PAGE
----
Skip to main content

Research Repository

Advanced Search

The ANZUS Treaty during the Cold War: a reinterpretation of U.S. diplomacy in the Southwest Pacific

Robb, Thomas K.; Gill, David James


Thomas K. Robb

Professor of International Relations


This article explains the origins of the Australia–New Zealand–United States (ANZUS) Treaty by highlighting U.S. ambitions in the Pacific region after World War II. Three clarifications to the historiography merit attention. First, an alliance with Australia and New Zealand reflected the pursuit of U.S. interests rather than the skill of antipodean diplomacy. Despite initial reservations in Washington, geostrategic anxiety and economic ambition ultimately spurred cooperation. The U.S. government's eventual recourse to coercive diplomacy against the other ANZUS members, and the exclusion of Britain from the alliance, substantiate claims of self-interest. Second, the historiography neglects the economic rationale underlying the U.S. commitment to Pacific security. Regional cooperation ensured the revival of Japan, the avoidance of discriminatory trade policies, and the stability of the Bretton Woods monetary system. Third, scholars have unduly played down and misunderstood the concept of race. U.S. foreign policy elites invoked ideas about a “White Man's Club” in Asia to obscure the pursuit of U.S. interests in the region and to ensure British exclusion from the treaty.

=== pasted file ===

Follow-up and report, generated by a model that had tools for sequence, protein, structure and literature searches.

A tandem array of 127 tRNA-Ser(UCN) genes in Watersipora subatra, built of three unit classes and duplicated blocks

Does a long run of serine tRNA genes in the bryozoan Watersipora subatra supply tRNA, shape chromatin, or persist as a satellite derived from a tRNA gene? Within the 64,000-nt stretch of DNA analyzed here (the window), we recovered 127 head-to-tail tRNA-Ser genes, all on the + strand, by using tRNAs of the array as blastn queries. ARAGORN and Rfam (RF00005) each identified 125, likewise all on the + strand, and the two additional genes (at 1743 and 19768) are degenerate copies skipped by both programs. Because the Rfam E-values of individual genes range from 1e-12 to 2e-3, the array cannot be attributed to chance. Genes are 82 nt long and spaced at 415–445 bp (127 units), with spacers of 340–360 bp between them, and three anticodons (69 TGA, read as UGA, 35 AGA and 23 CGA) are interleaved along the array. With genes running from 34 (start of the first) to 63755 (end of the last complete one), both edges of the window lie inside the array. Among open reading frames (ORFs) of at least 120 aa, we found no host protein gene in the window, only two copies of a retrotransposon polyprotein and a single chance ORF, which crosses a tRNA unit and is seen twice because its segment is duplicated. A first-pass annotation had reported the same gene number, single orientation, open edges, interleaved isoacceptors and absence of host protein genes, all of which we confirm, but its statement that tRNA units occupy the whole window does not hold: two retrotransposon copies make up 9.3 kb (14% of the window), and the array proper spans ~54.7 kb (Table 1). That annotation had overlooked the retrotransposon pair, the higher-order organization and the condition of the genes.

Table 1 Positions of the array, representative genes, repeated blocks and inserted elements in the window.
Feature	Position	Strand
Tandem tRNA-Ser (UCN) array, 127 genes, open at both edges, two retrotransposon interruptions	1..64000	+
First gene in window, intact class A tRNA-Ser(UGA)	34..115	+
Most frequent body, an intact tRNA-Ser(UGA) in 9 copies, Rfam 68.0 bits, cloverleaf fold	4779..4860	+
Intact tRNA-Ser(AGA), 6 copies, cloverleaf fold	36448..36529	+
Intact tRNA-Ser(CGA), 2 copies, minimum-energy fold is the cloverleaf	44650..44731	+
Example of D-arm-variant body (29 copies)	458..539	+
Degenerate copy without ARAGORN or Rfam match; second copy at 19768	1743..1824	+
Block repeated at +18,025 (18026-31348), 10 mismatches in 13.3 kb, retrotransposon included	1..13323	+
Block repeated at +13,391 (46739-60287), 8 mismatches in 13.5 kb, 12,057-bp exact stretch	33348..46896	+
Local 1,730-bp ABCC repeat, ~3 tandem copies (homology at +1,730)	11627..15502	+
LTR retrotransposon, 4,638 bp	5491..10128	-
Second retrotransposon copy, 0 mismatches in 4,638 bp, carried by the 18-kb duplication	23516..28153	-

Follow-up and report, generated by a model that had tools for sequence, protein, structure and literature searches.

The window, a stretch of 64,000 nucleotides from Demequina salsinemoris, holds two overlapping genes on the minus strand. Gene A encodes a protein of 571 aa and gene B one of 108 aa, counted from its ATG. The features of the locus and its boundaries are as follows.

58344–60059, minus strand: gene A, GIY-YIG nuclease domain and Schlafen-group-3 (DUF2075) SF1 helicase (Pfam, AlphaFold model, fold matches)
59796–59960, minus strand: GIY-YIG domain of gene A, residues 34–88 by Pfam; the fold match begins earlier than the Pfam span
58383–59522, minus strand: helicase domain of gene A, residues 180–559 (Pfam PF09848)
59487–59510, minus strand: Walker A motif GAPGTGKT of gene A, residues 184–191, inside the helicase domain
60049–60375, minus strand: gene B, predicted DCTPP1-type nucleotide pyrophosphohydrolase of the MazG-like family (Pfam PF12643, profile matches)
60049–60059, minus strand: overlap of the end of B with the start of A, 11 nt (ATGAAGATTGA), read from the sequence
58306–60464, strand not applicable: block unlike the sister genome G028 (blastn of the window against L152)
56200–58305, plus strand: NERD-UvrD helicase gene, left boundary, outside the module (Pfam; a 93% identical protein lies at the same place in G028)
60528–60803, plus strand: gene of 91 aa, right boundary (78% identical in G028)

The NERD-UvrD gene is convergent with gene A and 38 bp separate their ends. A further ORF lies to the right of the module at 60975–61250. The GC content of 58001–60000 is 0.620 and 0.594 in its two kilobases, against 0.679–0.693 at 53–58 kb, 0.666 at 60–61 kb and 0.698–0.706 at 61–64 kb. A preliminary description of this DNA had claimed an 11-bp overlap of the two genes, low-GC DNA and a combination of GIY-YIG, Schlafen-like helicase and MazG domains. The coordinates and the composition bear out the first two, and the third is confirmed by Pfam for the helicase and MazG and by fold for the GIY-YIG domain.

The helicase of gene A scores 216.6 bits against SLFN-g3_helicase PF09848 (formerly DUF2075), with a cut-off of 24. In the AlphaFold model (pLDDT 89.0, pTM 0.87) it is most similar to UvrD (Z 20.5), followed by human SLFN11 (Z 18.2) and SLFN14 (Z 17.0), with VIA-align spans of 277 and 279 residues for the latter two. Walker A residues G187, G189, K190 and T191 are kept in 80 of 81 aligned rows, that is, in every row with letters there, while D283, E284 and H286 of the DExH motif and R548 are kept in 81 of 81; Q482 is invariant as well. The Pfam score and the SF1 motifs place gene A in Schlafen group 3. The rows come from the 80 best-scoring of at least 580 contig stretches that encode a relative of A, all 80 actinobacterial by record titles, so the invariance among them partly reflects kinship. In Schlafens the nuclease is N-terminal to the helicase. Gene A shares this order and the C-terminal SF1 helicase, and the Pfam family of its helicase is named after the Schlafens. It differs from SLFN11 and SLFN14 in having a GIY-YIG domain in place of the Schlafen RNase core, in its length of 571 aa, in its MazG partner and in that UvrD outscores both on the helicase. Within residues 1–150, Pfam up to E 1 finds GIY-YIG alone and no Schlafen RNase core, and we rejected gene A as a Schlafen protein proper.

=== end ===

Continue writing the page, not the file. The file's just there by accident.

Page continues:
Robb, T. K., & Gill, D. J. (2015). The ANZUS Treaty during the Cold War: a reinterpretation of U.S. diplomacy in the Southwest Pacific. Journal of Cold War Studies, 17(4),

Journal Article Type Article
Acceptance Date Jan 1, 2015
Online Publication Date Jan 6, 2016
Publication Date Nov 24, 2015
Deposit Date Sep 25, 2015
Publicly Available Date Nov 24, 2015
Journal Journal of Cold War Studies
Print ISSN 1520-3972
Electronic ISSN 1531-3298
Publisher Massachusetts Institute of Technology Press
Peer Reviewed Peer Reviewed
Volume 17
Issue 4
Public URL
Publisher URL
Additional Information This is a manuscript version of the article accepted for publication in Journal of Cold War Studies.


You might also like

Downloadable Citations